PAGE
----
Jeep and Suzuki are in breach of emissions regulations in the Netherlands, according to a report from the country’s transport authority (RDW).
The RDW completed research into the ‘emissions behaviour’ of the Suzuki Vitara and Jeep Grand Cherokee and found that there are unauthorised emissions strategies, driven by the engine management system on both models.
‘The emission control systems of these types of vehicles function differently on the road over time than during the official test on the dynamometer,’ the report says. ‘As a result, the emissions of nitrogen oxides (NOx) on the road are many times higher than the limit values that were valid during the admission of the vehicles.’
The findings relate to models with Euro 5 diesel engines.
Even though Suzuki has developed and applied a software update to all vehicles in Europe, the RDW has found no improvement in emissions since this step was taken. Jeep has also developed a software update, which the authority is currently assessing for approval. The RDW has decided that Suzuki must come up with adequate improvement measures to reduce emissions.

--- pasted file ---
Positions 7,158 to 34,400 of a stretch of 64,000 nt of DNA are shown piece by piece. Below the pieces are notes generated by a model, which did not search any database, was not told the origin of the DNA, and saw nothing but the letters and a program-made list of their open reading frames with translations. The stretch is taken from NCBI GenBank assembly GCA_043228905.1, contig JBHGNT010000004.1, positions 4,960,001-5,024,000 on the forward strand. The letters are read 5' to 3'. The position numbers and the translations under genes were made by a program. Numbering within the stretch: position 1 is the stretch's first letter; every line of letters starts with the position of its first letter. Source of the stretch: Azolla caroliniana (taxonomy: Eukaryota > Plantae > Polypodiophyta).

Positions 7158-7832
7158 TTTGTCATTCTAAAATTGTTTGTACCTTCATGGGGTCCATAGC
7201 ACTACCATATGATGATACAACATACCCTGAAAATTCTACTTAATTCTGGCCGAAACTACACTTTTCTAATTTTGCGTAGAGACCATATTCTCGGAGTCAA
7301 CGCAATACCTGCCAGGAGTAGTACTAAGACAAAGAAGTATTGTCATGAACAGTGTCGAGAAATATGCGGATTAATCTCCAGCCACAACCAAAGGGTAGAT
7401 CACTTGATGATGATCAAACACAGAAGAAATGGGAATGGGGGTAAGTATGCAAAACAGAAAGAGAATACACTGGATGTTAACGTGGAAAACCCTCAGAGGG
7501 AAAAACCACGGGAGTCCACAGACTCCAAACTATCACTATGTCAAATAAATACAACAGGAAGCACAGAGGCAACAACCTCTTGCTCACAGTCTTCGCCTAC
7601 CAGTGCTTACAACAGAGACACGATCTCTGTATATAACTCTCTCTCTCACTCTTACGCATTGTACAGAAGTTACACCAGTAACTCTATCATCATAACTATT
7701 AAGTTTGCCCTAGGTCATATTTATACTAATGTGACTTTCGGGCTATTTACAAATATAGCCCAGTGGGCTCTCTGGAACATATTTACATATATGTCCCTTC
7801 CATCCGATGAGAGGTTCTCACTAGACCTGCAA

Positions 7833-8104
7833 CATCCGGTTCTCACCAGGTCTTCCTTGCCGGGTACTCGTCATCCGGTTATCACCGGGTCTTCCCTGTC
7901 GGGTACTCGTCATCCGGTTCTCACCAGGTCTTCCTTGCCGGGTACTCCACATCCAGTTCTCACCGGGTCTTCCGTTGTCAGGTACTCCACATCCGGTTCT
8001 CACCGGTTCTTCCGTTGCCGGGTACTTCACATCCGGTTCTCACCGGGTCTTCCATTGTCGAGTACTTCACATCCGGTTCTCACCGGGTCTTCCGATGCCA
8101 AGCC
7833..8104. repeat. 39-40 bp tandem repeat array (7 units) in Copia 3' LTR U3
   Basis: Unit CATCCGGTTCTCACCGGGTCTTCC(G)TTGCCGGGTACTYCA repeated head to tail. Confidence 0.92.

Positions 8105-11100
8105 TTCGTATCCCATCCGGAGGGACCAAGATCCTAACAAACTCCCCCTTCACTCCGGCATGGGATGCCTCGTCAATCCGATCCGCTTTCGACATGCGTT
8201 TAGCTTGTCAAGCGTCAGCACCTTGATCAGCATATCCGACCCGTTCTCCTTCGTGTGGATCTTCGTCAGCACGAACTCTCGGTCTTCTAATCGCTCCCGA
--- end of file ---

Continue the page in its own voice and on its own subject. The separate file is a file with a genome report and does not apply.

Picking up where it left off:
If these measures are not complied with, the RDW has stated that it will begin the withdrawal procedure for European type approval. This could see the model banned not just from Dutch roads, but in other EU countries as well.
‘The RDW makes various improvement proposals,’ the report continues. ‘One of these is (as the conclusion of the recall process) an obligation to repair the vehicle for the owner. If a vehicle has not been repaired within a certain period, this should lead to a ban on driving on the road. The RDW also makes proposals for improvements in processes and information provision, both towards manufacturers/traders and vehicle owners.’
Suzuki has said it is cooperating with the Dutch authorities over their findings, and it is required to respond to the investigation by mid-February.
In a statement, the carmaker said diesel versions of its Vitara and S-Cross vehicles used engines and emissions software supplied by Fiat Chrysler, manufacturers of Jeep models.
Authorities are wary over diesel emissions, with the scandal started by Volkswagen refusing to go away. Daimler has been fined over irregularities in its vehicle emissions testing, with a recall issued, while authorities in Germany have also raided several sites related to Mitsubishi following reports of emissions wrongdoing.